It was in 1944, while Lou Dorfsman was serving with a public relations unit of the U.S. in Dallas, Texas, that he discovered CBS—in that year’s Art Directors Club Annual, of all places. CBS was well represented by intelligent and provocative work of high graphic standards, evidence of what was even then a long-standing corporate tradition of design excellence and logic.
Lou made up his mind to work there. After all, hadn’t he just won the first and second prizes for poster design in a national U.S. Army art contest?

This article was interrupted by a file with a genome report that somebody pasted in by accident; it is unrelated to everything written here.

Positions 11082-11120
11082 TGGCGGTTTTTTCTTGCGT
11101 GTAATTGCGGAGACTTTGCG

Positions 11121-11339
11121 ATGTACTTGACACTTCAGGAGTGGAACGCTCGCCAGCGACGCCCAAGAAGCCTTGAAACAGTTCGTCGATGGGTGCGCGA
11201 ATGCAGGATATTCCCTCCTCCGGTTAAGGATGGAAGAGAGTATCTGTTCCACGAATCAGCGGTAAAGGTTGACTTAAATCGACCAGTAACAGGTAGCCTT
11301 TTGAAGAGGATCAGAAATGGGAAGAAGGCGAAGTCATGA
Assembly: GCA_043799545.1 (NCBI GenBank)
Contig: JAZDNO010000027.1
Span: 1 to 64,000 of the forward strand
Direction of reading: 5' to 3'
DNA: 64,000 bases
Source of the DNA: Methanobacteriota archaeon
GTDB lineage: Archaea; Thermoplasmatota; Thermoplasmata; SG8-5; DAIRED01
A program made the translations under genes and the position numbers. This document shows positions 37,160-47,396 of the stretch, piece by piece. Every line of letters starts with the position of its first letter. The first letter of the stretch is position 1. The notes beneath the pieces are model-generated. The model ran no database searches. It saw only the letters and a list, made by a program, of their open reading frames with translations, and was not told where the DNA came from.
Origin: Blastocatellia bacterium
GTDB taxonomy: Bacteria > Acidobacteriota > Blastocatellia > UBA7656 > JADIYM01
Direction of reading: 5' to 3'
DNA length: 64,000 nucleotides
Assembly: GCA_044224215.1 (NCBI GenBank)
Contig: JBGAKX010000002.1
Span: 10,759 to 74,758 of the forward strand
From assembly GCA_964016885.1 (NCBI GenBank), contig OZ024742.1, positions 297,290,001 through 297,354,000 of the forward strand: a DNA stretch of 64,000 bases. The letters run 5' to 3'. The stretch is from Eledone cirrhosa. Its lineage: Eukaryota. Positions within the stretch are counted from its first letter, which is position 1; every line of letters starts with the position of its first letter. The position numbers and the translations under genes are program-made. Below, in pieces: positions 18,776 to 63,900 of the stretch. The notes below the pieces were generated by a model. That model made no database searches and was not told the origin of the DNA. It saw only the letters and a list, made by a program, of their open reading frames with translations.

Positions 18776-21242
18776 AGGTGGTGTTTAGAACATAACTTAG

At war’s end, Lou applied to CBS and became a staff designer. Lou describes working conditions at CBS as a “designer’s hot-house, conducive to personal growth.”
And grow he did!
His responsibilities began with radio and grew to embrace TV. His responsibilities have expanded over the years and now include all corporate design as well.
A believer in the elegance of simplicity, Lou considers his concepts and visual expressions of twenty-five years ago to be valid today, except for typographic style.
Hall of Famer Herb Lubalin, Lou’s classmate at Cooper Union, tells us that all of his work has been influenced by what Lou has done throughout the years.
Milton Glaser calls Lou “quite simply, the best corporate designer in the world.”
Hall of Famer Saul Bass, when he heard he would be asked for a comment, left for Europe for five weeks!